The Waypoint grips from Deity offer many of the same features as the Knuckledusters, the differences being a 1mm smaller diameter and a diamond pattern instead of being ribbed. Both sets of grips are available in 7 colours, including a limited edition TURQ.

Stolen Goat Gravel Shorts

Hannah chose clothing to match the weather.

This is a new line for Stolen Goat – gravel gear – which consists of separate men’s and women’s shorts, and a unisex t-shirt in two colours. The men’s shorts look just like this, but don’t have enough room in them for Hannah’s bum, so she is wearing the women’s ones. There are reflective details on the sides, adjustable waist tabs, zipped pockets on both thighs, and rear pockets too. A four way stretch fabric allows plenty of movement, and it’s quite tough feeling so should withstand the odd gravel interface incident. The black inner thigh panels are breathable to keep you cool – just pair them up with your favourite chamois shorts, or wear with pants to the pub.

Stolen Goat Unisex Blue Merino Gravel Jersey

Stolen Goat
Dropped tail for no-bum-showage

This is the jersey to go with the gravel shorts – unisex, and available in this kinda faded blue or a nice plum colour. Made with 41% merino wool, it looks like a much loved t-shirt that’s been out in the Californian sun, but feels like a proper soft and light technical t-shirt, complete with reflective shoulder tabs front and rear, plus a dropped back for bum coverage. No pockets though, to keep it floaty and comfortable. This is the small jersey, there’s an XS too, if you’re littler than Hannah.

Shimano Technium Glasses

Tintin is excited to return to the sun.

Modelled here by our dim-witted Antipodean Technical Editor is a pair of Shimano’s latest Technium riding glasses. Using a curved one-piece lens and a fully-enclosed Grilamid TR90 frame, the Technium glasses are designed for trail riding.

The lens gets a scratch-resistant treatment, along with a hydrophobic coating that helps water and mud to slide off more easily. Unfortunately this hydrophobic coating isn’t available separately to lather on oneself for the current ‘summer’ conditions in Calder Valley – Wil has already inquired about that.

‘Agh, England is actually this grey?!’

The lenses are interchangeable, and along with the included soft pouch and carry case, you’ll find a spare clear lens for riding at night, or during a typical summer’s day around Todmorden.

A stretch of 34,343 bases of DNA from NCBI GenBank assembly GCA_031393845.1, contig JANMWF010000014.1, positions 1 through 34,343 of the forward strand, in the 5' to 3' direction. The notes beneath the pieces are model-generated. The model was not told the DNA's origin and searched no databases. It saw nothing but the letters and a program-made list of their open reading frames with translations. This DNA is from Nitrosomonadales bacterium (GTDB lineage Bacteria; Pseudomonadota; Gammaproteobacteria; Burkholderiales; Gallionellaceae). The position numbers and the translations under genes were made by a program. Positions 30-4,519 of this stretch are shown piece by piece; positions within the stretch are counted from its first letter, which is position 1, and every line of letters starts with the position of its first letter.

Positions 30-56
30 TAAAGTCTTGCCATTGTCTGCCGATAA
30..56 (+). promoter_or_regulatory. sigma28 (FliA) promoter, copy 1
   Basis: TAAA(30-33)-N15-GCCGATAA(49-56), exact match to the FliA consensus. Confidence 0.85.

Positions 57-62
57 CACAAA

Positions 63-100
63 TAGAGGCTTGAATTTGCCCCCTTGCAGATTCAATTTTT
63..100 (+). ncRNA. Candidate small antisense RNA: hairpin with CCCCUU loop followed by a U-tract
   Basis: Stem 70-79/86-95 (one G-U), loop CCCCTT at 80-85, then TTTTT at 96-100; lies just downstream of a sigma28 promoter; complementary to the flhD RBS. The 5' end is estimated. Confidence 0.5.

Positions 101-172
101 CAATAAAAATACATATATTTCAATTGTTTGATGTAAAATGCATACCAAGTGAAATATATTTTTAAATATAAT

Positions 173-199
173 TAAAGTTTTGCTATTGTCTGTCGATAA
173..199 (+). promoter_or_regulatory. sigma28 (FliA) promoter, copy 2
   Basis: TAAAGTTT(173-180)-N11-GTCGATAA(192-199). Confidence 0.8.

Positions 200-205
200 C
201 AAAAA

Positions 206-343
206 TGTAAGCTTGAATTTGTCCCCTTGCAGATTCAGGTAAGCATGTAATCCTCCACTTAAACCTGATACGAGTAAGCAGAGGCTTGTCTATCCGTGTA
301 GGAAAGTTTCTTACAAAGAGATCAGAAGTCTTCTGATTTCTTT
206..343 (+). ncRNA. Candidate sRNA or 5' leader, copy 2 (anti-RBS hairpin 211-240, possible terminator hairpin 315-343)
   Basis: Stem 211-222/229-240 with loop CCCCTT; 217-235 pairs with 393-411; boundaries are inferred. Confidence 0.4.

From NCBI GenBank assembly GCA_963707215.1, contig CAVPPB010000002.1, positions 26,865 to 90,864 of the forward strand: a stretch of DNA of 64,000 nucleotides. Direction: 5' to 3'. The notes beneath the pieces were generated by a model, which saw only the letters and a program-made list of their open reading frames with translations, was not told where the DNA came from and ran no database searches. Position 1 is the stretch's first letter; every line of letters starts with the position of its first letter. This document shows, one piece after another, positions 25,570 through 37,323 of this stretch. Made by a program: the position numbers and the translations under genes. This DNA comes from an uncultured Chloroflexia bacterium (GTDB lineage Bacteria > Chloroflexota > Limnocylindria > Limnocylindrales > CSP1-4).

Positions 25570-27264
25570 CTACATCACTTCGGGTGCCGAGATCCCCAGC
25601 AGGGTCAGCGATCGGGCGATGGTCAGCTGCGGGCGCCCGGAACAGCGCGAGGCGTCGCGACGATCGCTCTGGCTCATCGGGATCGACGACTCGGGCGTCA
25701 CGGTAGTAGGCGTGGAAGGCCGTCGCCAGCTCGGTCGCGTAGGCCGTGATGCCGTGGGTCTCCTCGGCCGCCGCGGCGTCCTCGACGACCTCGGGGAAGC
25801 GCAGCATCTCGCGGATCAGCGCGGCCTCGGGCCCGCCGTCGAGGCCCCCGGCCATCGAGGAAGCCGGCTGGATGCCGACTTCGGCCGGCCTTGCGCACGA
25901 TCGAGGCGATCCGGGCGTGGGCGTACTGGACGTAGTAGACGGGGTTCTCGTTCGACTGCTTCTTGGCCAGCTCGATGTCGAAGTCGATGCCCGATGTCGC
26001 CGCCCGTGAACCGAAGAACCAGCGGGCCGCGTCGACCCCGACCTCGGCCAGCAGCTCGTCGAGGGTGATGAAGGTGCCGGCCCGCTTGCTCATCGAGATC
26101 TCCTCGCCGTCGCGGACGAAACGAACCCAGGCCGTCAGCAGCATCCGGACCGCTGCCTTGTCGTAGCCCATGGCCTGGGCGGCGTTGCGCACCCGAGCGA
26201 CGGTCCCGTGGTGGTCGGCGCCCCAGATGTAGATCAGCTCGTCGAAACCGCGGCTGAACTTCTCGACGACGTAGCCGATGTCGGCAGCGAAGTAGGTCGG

Shimano XTR M9100

We’ve almost got everything we need to build a bike.

We’ve got a first look, some videos, another video, and a first ride review of all this shiny stuff. Wil sure does like XTR!

Ergon SR Pro Men Saddle

ergon sr pro men saddle
The SR Pro saddle from Ergon works even better when mounted to a bicycle.

Having reviewed and recommended the Ergon SM Pro Men’s Saddle, Wil was keen to try out the road version, called the SR Pro. And here it is, in all of its German-designed glory, complete with a deep central channel that’s designed to keep the pressure of the, erm, ‘unmentionables’. Compared to the off-road version, the SR Pro is a little flatter and smoother, and it gets a slightly longer channel at the front that’s designed to support riding in a low and forward position while in the drops. It’s still available in two sizes depending on the size of your butt, and you can also get it in the cheaper ‘Comp’ version, or a spendier carbon model.

There are a few people all off on their travels this week, so we’re all hoping they get to sit next to some nice travel companions. Apologies in advance for any awkward resting of heads on shoulders that may occur. We’re tired out.

Friday Tunes

Here’s our regular playlist of the week to go along with our Fresh Goods. Each track is picked by a staff member here in the office and added to their individual playlist over on our Spotify page. Head over there to identify exactly who is responsible for each choice.

Tunes tunes tunes, get dancing.

The Singletrack MTB Chain

Remember to use the hashtag #themtbchain to suggest your additions. If we like your suggested tune and your reason for adding it then it will be included in the playlist.

Check out our MTB Chain page here to keep up on the additions and to try out more of our Singletrack playlists.

All of the Singletrack staff have their own playlists that list all their choices for each FGF. So if you want to see who is responsible for which song you can find out by checking out their personal choices.

Staff playlist | Wil

It can only be Wil’s playlist today. Judging by the amount of knee jiggling, it’s full of bangers.